Born in 1929 (and still very much alive as of this posting), Carle began his career writing and illustrating at a relatively late age, publishing his first work, Brown Bear, Brown Bear, What Do You See as a collaboration with writer Bill Martin Jr. in 1967. Prior to this, he had been working as an art director.
Carle soon began writing and illustrating his own books using a distinctive collage technique, his first being 1, 2, 3 To The Zoo. Two years into his new career, however, he published what has to be one of the most recognizable children’s picture books of the last 60 years at least, The Very Hungry Caterpillar.
Although Eric’s work isn’t my absolute favorite, I can’t deny that there’s a sort of genius to it. He creates his stories with a keen eye for riveting color combinations and an obviously deep appreciation of how tactile elements such as die-cuts and raised printing can turn a picture book into an interactive experience for children.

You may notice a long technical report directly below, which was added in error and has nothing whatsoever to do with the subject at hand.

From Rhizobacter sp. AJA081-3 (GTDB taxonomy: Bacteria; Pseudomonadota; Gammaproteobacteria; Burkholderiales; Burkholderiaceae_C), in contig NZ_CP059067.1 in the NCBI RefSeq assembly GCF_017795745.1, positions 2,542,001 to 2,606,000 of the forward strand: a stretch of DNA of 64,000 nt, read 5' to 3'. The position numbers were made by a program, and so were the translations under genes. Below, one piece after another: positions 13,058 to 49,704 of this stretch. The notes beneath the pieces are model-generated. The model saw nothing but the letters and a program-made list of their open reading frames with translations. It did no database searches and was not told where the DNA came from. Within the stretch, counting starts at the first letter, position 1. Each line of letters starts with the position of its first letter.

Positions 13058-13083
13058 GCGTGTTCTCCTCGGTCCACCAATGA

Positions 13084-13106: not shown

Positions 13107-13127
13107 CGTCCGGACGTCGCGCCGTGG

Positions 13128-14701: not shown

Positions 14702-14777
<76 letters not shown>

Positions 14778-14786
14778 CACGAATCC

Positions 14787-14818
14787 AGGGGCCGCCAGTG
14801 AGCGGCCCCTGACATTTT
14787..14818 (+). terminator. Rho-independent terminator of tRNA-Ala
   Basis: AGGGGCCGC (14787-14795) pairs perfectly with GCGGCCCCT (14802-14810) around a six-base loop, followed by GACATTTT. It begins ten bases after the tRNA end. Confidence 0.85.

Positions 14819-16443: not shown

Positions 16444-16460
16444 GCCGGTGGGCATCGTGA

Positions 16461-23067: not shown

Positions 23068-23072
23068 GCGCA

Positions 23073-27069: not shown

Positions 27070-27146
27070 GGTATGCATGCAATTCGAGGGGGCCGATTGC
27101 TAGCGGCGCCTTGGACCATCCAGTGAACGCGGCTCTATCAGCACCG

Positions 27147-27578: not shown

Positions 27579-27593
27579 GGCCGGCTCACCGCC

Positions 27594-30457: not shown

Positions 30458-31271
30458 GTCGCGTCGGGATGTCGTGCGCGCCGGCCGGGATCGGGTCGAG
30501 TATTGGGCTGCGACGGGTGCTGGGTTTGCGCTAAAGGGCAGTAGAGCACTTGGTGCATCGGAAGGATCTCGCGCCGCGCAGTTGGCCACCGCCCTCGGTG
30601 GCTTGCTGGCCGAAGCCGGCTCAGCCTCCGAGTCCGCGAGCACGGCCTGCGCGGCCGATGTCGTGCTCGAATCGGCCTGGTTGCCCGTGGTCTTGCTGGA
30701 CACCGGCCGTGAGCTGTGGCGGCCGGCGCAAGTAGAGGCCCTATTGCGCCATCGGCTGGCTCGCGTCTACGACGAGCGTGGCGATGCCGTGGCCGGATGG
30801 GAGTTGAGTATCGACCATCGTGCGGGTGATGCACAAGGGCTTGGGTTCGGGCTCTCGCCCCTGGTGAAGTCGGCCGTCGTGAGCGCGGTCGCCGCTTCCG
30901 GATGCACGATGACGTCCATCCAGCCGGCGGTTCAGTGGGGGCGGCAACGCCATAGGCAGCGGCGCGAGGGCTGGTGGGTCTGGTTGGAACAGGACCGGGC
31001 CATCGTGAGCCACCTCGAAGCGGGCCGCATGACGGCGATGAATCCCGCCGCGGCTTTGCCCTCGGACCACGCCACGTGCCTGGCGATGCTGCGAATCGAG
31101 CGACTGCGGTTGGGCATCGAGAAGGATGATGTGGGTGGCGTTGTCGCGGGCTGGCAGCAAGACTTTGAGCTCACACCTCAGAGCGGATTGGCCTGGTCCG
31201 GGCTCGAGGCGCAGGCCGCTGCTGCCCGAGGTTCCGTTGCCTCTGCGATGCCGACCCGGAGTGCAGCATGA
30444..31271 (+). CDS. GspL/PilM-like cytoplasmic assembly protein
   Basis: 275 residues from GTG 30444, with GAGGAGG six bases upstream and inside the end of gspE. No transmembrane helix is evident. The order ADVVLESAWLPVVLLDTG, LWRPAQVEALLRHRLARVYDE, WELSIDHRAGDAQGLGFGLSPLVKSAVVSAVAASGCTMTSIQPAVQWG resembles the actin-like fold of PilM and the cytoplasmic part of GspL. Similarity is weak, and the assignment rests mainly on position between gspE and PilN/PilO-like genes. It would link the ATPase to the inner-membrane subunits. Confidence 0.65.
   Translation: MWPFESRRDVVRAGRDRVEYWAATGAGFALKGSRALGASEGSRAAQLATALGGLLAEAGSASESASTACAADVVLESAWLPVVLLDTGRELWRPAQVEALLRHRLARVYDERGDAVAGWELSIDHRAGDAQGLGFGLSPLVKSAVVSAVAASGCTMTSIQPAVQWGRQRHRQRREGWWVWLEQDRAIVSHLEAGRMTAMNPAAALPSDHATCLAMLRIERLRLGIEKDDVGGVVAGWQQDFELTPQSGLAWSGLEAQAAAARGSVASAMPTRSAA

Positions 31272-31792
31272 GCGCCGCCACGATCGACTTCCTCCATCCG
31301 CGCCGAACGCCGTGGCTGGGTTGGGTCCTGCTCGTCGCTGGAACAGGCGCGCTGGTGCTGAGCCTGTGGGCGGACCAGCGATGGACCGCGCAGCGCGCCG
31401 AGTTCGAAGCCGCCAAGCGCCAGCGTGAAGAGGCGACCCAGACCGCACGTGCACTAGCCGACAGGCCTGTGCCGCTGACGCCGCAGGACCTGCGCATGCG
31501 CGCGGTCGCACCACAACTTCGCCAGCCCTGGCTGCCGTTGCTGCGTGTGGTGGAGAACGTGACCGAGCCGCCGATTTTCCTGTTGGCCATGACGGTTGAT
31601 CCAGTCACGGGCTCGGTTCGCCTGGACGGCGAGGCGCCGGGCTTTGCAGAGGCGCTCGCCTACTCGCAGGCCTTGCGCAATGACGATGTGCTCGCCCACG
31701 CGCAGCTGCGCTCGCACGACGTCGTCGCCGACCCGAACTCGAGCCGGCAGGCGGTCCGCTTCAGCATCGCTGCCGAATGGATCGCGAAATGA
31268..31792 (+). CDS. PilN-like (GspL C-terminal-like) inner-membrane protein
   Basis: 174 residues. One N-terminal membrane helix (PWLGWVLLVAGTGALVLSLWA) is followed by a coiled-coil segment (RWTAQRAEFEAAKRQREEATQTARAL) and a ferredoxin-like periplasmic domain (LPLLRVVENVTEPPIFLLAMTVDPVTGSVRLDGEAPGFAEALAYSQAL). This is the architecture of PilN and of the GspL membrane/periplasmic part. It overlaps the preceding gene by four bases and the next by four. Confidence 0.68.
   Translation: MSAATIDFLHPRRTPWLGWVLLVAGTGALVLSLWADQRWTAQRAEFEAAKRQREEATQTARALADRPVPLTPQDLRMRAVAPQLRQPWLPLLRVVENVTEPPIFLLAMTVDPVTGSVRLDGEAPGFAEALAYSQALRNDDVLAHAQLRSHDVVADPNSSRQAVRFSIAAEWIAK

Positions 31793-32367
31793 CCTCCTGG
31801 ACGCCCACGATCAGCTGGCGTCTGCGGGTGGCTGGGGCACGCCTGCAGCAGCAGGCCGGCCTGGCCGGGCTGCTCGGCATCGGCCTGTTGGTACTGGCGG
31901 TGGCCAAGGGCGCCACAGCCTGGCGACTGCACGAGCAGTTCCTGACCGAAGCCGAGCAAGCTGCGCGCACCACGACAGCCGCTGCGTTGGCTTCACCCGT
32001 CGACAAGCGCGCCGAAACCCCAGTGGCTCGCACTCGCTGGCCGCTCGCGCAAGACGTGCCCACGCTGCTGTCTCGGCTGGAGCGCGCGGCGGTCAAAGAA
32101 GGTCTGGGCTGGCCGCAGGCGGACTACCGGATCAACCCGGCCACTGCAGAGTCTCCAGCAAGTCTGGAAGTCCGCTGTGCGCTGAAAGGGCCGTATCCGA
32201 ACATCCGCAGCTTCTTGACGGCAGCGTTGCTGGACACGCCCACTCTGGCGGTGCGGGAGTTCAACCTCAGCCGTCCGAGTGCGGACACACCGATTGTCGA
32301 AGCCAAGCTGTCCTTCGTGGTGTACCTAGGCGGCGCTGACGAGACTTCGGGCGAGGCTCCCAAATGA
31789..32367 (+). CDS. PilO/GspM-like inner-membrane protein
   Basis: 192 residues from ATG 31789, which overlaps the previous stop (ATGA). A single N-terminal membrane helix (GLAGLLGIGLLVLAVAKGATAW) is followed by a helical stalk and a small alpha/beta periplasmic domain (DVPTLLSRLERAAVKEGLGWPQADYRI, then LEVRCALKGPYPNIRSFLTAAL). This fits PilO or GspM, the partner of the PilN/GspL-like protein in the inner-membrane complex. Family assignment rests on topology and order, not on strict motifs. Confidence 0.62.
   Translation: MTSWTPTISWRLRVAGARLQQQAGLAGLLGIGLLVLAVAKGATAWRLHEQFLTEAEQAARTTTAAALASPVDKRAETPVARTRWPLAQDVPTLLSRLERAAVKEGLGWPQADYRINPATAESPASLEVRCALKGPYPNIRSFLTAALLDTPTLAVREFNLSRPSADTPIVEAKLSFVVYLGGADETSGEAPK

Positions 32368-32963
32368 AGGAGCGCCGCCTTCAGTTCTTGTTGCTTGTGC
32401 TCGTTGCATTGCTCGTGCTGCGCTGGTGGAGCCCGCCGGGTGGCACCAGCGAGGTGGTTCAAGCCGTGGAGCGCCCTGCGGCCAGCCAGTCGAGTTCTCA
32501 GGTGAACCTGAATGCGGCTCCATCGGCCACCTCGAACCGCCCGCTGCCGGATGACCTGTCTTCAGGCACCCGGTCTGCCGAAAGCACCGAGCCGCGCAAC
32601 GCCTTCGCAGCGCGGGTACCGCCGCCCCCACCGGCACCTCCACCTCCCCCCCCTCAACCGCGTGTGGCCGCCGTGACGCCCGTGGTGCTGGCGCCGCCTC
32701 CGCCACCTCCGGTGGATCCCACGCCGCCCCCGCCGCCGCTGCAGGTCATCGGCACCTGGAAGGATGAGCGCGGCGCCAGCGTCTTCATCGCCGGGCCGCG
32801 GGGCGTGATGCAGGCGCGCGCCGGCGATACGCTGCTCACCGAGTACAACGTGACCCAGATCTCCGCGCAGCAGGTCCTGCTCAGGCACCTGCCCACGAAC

Caterpillar may be his most recognizable work, but his legacy appears to be his devotion to picture books and the artists who create or contribute to them. In 2002, Eric and his wife opened the doors to the Eric Carle Museum of Picture Book Art, a 40,000 square foot facility dedicated to “inspiring…an appreciation for and an understanding of the art of the picture book,” as the museum’s website states. I haven’t a clue why I didn’t consider visiting when I was practically living in Massachusetts this summer. I plan on visiting when I’m there next year.
According to Carle’s website at http://www.eric-carle.com, he currently has 40 books in print, with many others being written and illustrated.